How have Biff, Happy, and Linda changed by the end of Act II in Death of a Salesman?

Expert Answers
MaudlinStreet eNotes educator| Certified Educator

Throughout his life, Biff blames Willy for his own shortcomings. We find that Willy spoiled Biff, leading him to believe that he could behave any way he wanted. When all the success fails to materialize, Biff is tortured by his disillusionment with Willy: by his failure to live up to his own standards, by his failure to achieve the greatness that Willy dreamed he would, by his desire to get back at his father for what he believes has been done to him. But all of this is contrasted with his great love for Willy, which creates in him tremendous confusion and emotional turmoil. However, in the Requiem scene at the play's end, Biff illustrates that he has truly come to an understanding of his father's failure to achieve success, observing that Willy "never knew who he was" and that he "had the wrong dreams." So Biff has changed. He's learned to accept his father, and take responsibility for his own life. He also shows respect for Willy for the first time in the play.

Happy does change, but it is not necessarily for the better. As the younger of the two, he has grown up in Biff's shadow, and consequently has a bitterness that Biff does not. He appears more content than Biff, but his own disillusionment is revealed in his self-created job failures, as well as the numerous affairs he carries on. At the play's end, he is somehow converted by Willy's dreams; he pledges to take up his father's cause and succeed where his father had failed. While after Willy's death Biff recognizes his father's failings, Happy wildly proclaims:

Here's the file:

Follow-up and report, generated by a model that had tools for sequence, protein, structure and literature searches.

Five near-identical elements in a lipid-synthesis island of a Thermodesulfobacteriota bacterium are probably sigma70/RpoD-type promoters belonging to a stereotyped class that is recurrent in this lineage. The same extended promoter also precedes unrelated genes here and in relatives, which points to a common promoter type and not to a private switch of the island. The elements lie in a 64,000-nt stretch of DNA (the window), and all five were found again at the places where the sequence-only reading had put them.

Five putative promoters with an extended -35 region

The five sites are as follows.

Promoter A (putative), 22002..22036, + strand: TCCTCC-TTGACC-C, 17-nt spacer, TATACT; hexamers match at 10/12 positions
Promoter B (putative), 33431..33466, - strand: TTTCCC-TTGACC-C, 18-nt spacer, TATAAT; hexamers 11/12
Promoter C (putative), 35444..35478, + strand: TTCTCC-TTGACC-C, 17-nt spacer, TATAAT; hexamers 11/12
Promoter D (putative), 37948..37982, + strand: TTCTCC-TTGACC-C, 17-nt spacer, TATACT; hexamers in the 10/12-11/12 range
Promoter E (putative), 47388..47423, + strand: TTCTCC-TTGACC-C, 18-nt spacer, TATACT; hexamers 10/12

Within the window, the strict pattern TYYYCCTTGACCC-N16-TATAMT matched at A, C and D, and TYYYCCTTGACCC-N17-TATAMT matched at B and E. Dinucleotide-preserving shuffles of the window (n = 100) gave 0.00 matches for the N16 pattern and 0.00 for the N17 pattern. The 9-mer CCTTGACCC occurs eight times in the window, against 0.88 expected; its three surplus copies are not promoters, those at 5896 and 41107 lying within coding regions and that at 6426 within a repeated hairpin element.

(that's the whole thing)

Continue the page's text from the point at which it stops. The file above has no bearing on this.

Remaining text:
"I'm gonna show you and everybody else that Willy Loman did not die in vain. He had a good dream. It's the only dream you can have—to come out number-one man. He fought it out here, and this is where I'm gonna win it for him."

Throughout the play, Linda plays the dutiful, if deluded wife. She seems to believe all of Willy's wild ideas, and willingly supports him despite his overt cruelty to her. When no one shows up for his funeral, she is visibly upset and confused. This demonstrates that she has not fully recognized – or refuses to recognize – Willy’s “phoniness.” Nevertheless, her disappointment also expresses her conviction that Willy deserves respect because he tried bravely to succeed even though he was not “a great man” but only a “human being,” “a little boat in search of a harbor.” Her words, “We’re free,”  acknowledge the irony that Willy has killed himself just when their lives might have begun to improve, due to the end of the house payments. In another sense, Linda and the rest of the family are free from Willy, someone who often made their lives difficult. While they never wanted Willy to kill himself, his absence may let them view life in a new, clearer way. Thus Linda becomes the one character that truly understands Willy, and what he has attempted to do throughout his life.

Read the study guide:
Death of a Salesman

Access hundreds of thousands of answers with a free trial.

Start Free Trial
Ask a Question